The conspiracy theorist have already began to concoct far-fetched ideas as to why this Eastern Conference battle was set up to ensure that the series went the full seven games and that the Miami Heat eventually make the NBA Finals; the ticky tack foul against LeBron James in Game 4, the after-the-fact suspension of Chris “birdman” Anderson for Game 6, and questionable officiating against both sides, and because of this many wonder if NBA Commissioner David Stern and the rest of the league are having a bigger influence in the outcome of this series than they should.
But what happens if somehow the Indiana Pacers go down to South Beach and upset James and the Miami Heat in Game 7 on Monday. There is already grumbling within the media, that if that happens the match up between the two small markets of San Antonio and Indianapolis could be one of the least watched finals in a long time. Yes you will have die-hard fans still tuning into the series but will it be enough of a market share to overcome not having the viewership from Miami Heat “fans.”
So the potential dilemma many think David Stern and the NBA offices is be faced with is determining what is more important; a good on-court match up involving no perceived star power which could result in low ratings which is bad for sponsorship or a mismatch involving the most popular player in the NBA and the Miami Heat, who have been playing more like James former Cleveland Cavalier teams instead of the championship team from 2012, that everyone will watch just because. But contrary to what many believe, there still could be enough of a compelling subplot to convince people to tune in if the Pacers and Spurs do meet; the potential end of the career of one of the most overlooked stars Tim Duncan who is chasing his 5th championship and the emergence of budding star Paul George, who has seen his notoriety sky-rocket after a great Eastern Conference finals versus the Heat that included two attention-getting dunks.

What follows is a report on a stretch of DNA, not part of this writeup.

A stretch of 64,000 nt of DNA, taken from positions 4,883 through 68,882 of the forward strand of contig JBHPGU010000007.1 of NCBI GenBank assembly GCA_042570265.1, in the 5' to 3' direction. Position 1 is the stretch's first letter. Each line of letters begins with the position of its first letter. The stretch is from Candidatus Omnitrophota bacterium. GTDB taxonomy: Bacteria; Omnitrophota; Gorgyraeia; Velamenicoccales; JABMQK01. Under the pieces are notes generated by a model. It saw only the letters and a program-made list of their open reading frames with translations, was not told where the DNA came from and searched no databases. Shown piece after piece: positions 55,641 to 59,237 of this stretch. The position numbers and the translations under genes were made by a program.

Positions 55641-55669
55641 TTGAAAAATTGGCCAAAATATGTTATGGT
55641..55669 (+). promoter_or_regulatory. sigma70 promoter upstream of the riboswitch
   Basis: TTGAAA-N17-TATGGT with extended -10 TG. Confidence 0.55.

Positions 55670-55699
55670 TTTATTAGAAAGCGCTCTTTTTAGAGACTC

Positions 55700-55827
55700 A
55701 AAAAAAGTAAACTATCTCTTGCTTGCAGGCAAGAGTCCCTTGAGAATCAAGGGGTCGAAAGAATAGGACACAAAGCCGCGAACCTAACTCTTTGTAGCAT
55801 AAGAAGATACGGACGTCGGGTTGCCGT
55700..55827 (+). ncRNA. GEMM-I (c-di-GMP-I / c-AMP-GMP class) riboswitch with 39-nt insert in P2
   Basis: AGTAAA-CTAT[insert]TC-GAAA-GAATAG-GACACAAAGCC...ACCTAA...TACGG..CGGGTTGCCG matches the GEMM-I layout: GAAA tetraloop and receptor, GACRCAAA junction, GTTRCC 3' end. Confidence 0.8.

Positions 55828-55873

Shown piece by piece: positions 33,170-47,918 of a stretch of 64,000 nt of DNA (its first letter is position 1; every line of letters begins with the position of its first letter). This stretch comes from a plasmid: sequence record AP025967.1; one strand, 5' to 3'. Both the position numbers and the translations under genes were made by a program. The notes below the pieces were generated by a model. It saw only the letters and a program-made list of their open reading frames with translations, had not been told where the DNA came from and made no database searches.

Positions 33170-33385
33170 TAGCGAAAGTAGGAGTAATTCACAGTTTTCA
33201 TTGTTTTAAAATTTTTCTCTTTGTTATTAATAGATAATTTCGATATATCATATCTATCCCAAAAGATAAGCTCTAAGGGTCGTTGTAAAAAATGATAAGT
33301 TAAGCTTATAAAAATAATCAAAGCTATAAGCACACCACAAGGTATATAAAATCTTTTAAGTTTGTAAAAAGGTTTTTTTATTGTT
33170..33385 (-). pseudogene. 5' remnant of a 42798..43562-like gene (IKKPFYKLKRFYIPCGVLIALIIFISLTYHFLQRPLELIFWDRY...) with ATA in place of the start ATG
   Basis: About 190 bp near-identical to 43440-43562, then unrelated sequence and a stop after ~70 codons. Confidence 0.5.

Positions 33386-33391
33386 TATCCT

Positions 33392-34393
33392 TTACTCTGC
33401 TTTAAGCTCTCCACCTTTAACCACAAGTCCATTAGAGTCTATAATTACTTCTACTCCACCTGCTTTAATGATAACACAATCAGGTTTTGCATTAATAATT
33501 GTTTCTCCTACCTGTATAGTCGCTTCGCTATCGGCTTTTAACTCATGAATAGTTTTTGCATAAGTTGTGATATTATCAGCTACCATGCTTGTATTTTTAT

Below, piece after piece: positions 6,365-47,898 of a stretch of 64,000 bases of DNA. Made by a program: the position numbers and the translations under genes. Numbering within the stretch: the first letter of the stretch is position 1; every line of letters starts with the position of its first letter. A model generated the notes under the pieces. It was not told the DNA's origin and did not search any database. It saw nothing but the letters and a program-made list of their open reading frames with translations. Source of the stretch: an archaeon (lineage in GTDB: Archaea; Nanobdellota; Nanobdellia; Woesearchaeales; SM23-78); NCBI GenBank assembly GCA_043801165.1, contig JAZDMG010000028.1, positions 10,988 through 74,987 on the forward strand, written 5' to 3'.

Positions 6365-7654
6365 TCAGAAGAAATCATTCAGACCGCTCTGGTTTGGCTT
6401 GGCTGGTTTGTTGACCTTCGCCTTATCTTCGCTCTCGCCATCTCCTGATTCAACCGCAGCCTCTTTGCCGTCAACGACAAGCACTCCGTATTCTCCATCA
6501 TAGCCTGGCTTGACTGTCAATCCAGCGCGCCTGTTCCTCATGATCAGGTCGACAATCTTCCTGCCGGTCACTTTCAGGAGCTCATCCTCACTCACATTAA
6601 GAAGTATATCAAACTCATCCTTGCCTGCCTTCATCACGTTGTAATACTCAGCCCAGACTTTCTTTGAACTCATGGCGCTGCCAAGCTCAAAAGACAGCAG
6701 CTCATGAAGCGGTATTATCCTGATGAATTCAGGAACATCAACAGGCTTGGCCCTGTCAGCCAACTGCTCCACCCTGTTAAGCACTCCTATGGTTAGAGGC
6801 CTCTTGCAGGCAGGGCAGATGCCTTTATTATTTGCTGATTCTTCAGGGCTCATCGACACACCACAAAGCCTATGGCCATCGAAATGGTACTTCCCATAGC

At the end of the day sports should always be about showcasing the team that performed the best on the court and if that means having two teams in the championship that may not be national favorites, so be it. The 2005 NBA Finals involved the same Spurs franchise and a medium market Detroit Pistons squad and while the Nielsen ratings were not as high (7.38 compared to 9.29 over 5 games) as the 2004 Finals that involved a more popular L.A. Lakers team against the same Pistons, fans felt it was a more entertaining series. And maybe that is what the NBA needs another good Finals involving two lesser followed teams for casual fans to embrace the fact that great basketball is being played outside of Miami, New York, and L.A. and without superstars on the roster, because while he could have worded it differently Roy Hibbert was spot on when he was quoted saying “You know what, because y’all motherf••••••s don’t watch us play throughout the year, to tell you the truth,”… “I don’t care if I get fined” in response to asking about why he finished 10th in the Defensive player of the year voting, which is done by the media.
So as much as the fans complain about not wanting to see “boring” basketball the bulk of fan apathy for the underdog rest at the feet of the national media and the NBA itself for not doing more to showcase all of its teams. Its easier to root for a team or become a fan of a player when you see them more on a national level and its a shame that it took for Indiana to make it to Game 7 versus Lebron James & Co. to get the respect it deserves as a good team.